Here's some hints about decorating a grave:
  • If you have a headstone photo, first upload it on the Community Page. Then click on "Decorate." Your headstone photo can be found under Community Images on the right side of your screen. Just drag it across to the left side of your screen on top of the headstone example.
  • Don't have a headstone photo? Select one from the headstone section on the right of your screen. Drag it across, then add the name and dates in whatever text and color you like!
  • Now drag flowers or other images across to decorate the grave. You can resize these images by clicking on one of the colored squares around the selected image and then dragging it to change the size. You can also change the direction the image is facing by dragging these squares.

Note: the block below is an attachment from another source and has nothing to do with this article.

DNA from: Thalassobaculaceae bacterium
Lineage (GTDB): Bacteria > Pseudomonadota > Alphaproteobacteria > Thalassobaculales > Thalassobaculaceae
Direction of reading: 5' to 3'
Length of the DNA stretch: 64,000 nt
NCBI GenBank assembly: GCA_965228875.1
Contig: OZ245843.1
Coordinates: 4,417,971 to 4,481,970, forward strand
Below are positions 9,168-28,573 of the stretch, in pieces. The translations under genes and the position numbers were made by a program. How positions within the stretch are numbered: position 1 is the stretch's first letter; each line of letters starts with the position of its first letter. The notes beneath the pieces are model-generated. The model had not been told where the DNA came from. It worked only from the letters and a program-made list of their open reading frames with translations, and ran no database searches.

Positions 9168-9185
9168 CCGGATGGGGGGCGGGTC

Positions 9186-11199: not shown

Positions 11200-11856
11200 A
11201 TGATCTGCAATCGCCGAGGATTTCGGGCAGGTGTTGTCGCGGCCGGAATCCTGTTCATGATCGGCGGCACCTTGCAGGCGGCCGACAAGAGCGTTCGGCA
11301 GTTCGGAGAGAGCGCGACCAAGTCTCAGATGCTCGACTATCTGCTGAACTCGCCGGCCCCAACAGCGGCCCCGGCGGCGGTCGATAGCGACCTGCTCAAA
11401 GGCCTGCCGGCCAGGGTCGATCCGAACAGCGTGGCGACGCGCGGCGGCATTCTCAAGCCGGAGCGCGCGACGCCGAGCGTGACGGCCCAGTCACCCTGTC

Decorated headstone photo used by permission from Names in Stone.

Thursday, November 20, 2008

Where is my Unfinished Cemetery?

Question of the Day:

I wasn't able to finish mapping my cemetery in one sitting. When I went back to Names in Stone, I couldn't figure out how to get back into it to finish mapping. How do I find my cemetery?

Answer: There are two ways to find your cemetery to continue mapping.
  • After signing in to Names in Stone, click on the Membership Box and select "My Profile." On your profile page above your personal information are several green tabs. Select "Cemetery Projects." This will give you a list of the cemeteries you are working on. Click "Work on Cemetery" and you'll be ready to begin mapping!